Tag Archives: Telepresence

The Desktop Interface and Teleaction

The way we choose to organize our world dictates our own place within it—in Gothic times the cathedral, for example, stood at the center of town, inherently helping us perceive what was important, where we stood in relation to it, and how we should and could interact with the rest of the space surrounding it.

The first generation of interface designers had to decide, then, how to organize the computer space. They had, essentially, an entire world at their fingertips, which they could mold and design and organize in any way possible—the space could look like anything. It was important, however, especially given he limitations of technology of the time, that the space was easy to represent.

In this week’s reading of Interface Culture, Johnson takes us through the creation and evolution of the desktop from its early stages to the interface we know today. Throughout his discussion in this chapter, he emphasizes consistently the idea of the “desktop metaphor.” Similar to the metaphor we discussed last class, it encompasses the way in which reality is represented and even simulated on the desktop interface and how those representations help us to understand the way we use and navigate it. Continue reading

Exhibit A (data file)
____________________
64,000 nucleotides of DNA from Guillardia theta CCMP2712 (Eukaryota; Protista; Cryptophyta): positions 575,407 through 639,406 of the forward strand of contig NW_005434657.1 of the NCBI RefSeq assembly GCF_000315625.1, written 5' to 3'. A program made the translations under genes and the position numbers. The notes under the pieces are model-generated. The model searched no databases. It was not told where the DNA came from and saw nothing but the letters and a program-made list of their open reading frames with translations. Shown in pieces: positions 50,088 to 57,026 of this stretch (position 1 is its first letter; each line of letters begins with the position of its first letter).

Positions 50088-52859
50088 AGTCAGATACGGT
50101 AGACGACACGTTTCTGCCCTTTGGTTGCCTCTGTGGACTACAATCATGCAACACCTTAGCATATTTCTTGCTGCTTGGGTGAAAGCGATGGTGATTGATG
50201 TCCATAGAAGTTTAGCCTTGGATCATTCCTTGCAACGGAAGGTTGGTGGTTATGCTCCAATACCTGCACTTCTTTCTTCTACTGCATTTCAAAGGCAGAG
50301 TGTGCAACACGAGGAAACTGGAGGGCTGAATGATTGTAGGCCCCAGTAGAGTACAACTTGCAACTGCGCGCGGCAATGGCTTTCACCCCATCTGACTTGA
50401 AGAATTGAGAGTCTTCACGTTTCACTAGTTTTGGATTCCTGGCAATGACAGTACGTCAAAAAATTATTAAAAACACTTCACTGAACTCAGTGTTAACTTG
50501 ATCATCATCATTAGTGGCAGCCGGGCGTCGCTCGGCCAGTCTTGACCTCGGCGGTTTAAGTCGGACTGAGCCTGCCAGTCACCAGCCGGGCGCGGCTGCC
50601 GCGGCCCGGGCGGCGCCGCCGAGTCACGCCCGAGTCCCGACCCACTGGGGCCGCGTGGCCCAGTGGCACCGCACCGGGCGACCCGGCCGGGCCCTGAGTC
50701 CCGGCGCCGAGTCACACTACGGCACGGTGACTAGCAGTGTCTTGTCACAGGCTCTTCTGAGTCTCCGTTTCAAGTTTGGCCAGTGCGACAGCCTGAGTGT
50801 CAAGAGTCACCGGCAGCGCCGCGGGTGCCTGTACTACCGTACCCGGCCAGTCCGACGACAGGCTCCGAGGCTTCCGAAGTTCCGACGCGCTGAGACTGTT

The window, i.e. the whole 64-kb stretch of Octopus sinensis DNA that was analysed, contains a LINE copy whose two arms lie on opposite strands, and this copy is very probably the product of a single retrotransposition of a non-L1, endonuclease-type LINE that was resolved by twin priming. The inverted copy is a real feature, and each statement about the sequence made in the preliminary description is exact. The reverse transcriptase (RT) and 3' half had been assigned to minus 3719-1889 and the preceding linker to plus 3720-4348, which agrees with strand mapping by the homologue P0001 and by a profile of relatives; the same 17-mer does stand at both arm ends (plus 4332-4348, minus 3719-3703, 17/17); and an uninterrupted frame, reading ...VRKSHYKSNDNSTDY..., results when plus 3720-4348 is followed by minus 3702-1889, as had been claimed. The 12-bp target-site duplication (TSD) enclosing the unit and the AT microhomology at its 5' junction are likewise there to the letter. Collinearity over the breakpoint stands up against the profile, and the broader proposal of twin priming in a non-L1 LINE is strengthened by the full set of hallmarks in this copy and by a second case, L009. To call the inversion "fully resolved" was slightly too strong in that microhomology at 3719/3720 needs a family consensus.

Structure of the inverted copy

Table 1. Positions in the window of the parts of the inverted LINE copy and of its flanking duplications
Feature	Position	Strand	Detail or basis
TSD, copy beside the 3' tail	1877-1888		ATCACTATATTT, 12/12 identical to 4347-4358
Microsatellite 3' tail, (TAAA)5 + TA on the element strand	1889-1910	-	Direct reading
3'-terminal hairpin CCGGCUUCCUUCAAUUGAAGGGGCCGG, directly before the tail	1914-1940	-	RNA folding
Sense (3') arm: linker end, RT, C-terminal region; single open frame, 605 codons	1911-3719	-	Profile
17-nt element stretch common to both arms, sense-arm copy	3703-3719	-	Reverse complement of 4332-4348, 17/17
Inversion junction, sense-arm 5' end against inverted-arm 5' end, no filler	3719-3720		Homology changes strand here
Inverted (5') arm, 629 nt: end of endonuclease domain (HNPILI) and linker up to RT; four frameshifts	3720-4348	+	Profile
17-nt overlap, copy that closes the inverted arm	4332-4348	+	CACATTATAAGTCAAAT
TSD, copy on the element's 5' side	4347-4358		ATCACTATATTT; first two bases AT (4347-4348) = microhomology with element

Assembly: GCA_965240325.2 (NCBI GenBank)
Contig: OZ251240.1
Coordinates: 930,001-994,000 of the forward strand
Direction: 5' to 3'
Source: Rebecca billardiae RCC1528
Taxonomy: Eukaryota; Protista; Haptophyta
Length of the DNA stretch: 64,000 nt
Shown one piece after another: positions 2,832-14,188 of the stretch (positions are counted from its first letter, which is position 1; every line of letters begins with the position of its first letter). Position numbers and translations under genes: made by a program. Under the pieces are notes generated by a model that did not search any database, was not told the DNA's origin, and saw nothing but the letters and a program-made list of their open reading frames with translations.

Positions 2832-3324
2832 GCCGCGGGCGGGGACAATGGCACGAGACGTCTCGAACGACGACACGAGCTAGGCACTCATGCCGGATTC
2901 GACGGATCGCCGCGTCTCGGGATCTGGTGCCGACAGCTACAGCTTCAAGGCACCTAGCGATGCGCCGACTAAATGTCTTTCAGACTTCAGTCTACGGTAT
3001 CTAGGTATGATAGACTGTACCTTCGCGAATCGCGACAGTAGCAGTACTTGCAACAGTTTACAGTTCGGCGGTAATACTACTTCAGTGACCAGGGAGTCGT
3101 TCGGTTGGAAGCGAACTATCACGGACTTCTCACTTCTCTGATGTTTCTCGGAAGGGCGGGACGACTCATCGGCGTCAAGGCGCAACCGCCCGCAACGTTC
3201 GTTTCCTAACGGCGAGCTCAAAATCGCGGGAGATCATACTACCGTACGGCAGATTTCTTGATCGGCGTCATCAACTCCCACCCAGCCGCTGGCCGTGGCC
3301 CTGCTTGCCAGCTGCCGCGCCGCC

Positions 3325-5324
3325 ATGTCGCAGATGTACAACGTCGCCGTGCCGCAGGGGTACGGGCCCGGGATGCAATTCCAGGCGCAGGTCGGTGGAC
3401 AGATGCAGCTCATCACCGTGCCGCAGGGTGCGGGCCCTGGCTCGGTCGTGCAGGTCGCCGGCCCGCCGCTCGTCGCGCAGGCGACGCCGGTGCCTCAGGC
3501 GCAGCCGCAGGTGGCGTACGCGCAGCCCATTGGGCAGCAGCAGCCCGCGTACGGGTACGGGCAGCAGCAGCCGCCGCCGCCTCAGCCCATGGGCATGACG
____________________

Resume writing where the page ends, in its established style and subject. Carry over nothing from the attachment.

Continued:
Teleaction, according to Manovich, is a very different operation. This because it is a complicated operation used to access new media, representing a shift from representation to conceptual space with telecommunication.  Manovich argues that real-time communication technologies (telegraph, telephone, television, telepresence, etc.) became subsidiary to technologies of representation (film, digital storage, etc) because of a shift in aesthetic. He relates this to definitions by Roland Barthes and Nelson Goodman deeming only finite objects as “texts” that can be “read.” But doesn’t the Internet and the increase use other real-time communication change all of this?

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